On Sunday, Dinelson Lamet walked off the mound in the top of the second inning of a game against the Seattle Mariners, giving Padres’ fans a sinking feeling. That feeling intensified when the team announced the reason for the short start: an elbow injury. But the team downplayed the injury and indicated he’d be back soon, despite the fact that he’s had no diagnostic imaging on his arm.
The mere word elbow or, worse, UCL (ulnar collateral ligament) tends to give San Diego fans a definite feeling of déjà vu and conjures up names like Robbie Erlin, Colin Rea, and Anderson Espinoza. In each of those instances, the team minimized the serious nature of their arm injuries. In the end, all three ended up having elbow reconstruction (aka Tommy John) surgery.
In 2011, the Padres acquired Robbie Erlin in a trade with the Texas Rangers. The following year he started the season with San Antonio. He was shut down with an elbow strain during the season, but returned in the Arizona Fall League. From 2013 through 2015 Erlin shuttled back and forth from the minors to the big leagues with sporadic reports of elbow soreness.
In 2016, Erlin pitched in three major league games, ending up on the disabled list with a strained elbow on April 12. Finally, the team resorted to an MRI and announced on May 12 that he would undergo Tommy John surgery. Erlin returned to the Padres this spring, pitching 6.1 innings with a 2.84 ERA and finding himself in the running for a spot in the rotation.
Fellow Tommy John veteran Colin Rea has been sidelined by a lat (latissiumus dorsi) strain and won’t begin throwing until April. He made his major league debut August 12, 2015, allowing three runs in five innings in a victory over the Cincinnati Reds. He pitched in several games that season until Sept 13 when the Padres shut him down with a right forearm injury.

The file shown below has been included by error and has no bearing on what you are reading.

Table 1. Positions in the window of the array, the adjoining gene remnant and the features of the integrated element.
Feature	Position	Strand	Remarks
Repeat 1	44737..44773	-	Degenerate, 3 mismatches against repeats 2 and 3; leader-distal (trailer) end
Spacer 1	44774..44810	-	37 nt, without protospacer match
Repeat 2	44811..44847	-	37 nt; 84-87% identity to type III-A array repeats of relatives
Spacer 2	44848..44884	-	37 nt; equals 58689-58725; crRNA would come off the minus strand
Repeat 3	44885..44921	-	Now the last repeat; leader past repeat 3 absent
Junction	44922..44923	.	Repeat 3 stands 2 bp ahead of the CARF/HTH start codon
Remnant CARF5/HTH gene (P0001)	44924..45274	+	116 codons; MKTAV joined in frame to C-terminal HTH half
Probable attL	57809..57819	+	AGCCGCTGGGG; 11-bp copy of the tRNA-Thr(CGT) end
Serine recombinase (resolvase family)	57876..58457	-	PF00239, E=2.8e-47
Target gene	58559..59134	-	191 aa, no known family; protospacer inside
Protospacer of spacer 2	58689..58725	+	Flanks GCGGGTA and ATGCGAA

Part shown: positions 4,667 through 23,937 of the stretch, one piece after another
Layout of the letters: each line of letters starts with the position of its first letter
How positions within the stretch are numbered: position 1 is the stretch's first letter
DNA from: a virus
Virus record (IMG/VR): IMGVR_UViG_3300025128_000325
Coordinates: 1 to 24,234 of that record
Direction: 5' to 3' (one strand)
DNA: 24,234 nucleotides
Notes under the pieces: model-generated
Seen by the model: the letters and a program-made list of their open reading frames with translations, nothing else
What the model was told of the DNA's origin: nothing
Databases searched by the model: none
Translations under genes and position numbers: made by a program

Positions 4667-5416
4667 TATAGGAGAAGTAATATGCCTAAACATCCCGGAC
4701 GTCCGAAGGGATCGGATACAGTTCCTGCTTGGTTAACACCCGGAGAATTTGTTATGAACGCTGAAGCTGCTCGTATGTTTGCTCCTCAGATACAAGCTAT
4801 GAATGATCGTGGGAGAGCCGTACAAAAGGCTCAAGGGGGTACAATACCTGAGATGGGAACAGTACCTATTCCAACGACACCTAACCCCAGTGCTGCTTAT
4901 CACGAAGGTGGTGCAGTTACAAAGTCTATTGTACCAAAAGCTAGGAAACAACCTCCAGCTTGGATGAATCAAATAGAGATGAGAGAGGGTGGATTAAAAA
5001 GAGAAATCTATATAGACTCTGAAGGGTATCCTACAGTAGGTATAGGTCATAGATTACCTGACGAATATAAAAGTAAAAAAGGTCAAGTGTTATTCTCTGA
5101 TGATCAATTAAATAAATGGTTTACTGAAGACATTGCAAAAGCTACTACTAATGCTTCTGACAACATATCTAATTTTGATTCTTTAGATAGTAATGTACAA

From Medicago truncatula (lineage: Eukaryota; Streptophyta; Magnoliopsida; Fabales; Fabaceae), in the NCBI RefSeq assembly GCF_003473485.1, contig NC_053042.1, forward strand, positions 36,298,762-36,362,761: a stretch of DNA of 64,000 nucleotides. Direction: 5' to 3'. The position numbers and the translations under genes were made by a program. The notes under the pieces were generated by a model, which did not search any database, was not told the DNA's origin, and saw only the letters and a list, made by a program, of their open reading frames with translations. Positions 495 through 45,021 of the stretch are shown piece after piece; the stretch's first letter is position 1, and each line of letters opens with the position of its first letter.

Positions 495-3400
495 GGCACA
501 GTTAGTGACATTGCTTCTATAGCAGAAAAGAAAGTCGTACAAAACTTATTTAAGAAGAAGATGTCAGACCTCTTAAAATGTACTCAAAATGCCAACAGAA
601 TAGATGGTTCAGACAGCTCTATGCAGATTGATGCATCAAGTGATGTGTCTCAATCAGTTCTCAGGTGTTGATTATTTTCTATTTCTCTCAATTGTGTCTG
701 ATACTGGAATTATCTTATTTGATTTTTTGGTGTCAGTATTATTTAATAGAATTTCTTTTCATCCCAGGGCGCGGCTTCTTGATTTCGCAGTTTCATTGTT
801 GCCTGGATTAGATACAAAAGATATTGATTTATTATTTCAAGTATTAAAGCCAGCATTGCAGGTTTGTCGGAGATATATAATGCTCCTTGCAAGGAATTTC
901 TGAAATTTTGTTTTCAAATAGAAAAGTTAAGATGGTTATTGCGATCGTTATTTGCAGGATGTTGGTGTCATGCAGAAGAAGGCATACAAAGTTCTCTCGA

In 2016, Rea showed up to spring training 20 pounds heavier and looked ready for a spot in the rotation. He had the misfortune to start his first game that year in Coors field, giving up five runs in 3 1/3 innings. He appeared in a total of five games and was traded at the end of July to the Marlins. However, when Florida discovered he was experiencing right elbow soreness, the team returned him to the Padres.
Instead of undergoing surgery that summer, Rea and the Padres decided to try treatment and rest in the hope that the ligament would heal. In late October, the team announced he could face live hitters the following month. Instead, he ended up having surgery Nov 10, 2016. According to the current prognosis, he will begin throwing opening day this year.
Last July, the Padres announced that one of their top prospects, Anderson Espinoza, had a torn UCL and needed surgery. He had been slated to start for high Single-A Elsinore, but was shut down due to elbow soreness. At the time, A. J. Preller, the Padres’ general manager, told Jeff Sanders of the San Diego Union-Tribune that the tightness did not stem from ligament or elbow issues. Espinoza started throwing again in June with the hope he could pitch in games by late July, but the team finally faced the reality of the situation. He will end up missing two seasons.
In the ultimate irony, Espinoza came to the Padres in the trade of Drew Pomeranz to the Boston Red Sox. MLB suspended Preller for 30 days due to the medical records brouhaha over the anti-inflammatory medications Pomeranz was taking. Despite being shut down, Espinoza, at just 20 years of age, ranks 89 in the MLB Pipeline top 100 prospects.
Lamet pitched 12 innings in Cactus League play, had a 3.75 ERA and had been scheduled to start the second game of the new season against the Milwaukee Brewers. The Padres gave options, including Robbie Erlin, but no one of the caliber of Lamet.
According to Marty Caswell of the Mighty 1090 via Twitter, Preller has reported that “the positive news is it’s a muscle deal…the ligament is intact. The initial reports from our medical team are positive.”
Forgive me if I don’t break out the champagne over the Padres’ positive reports on Dinelson Lamet. We local fans have been down this road before and can only hope it’s not “déjà vu all over again”, as Yogi Berra would have said.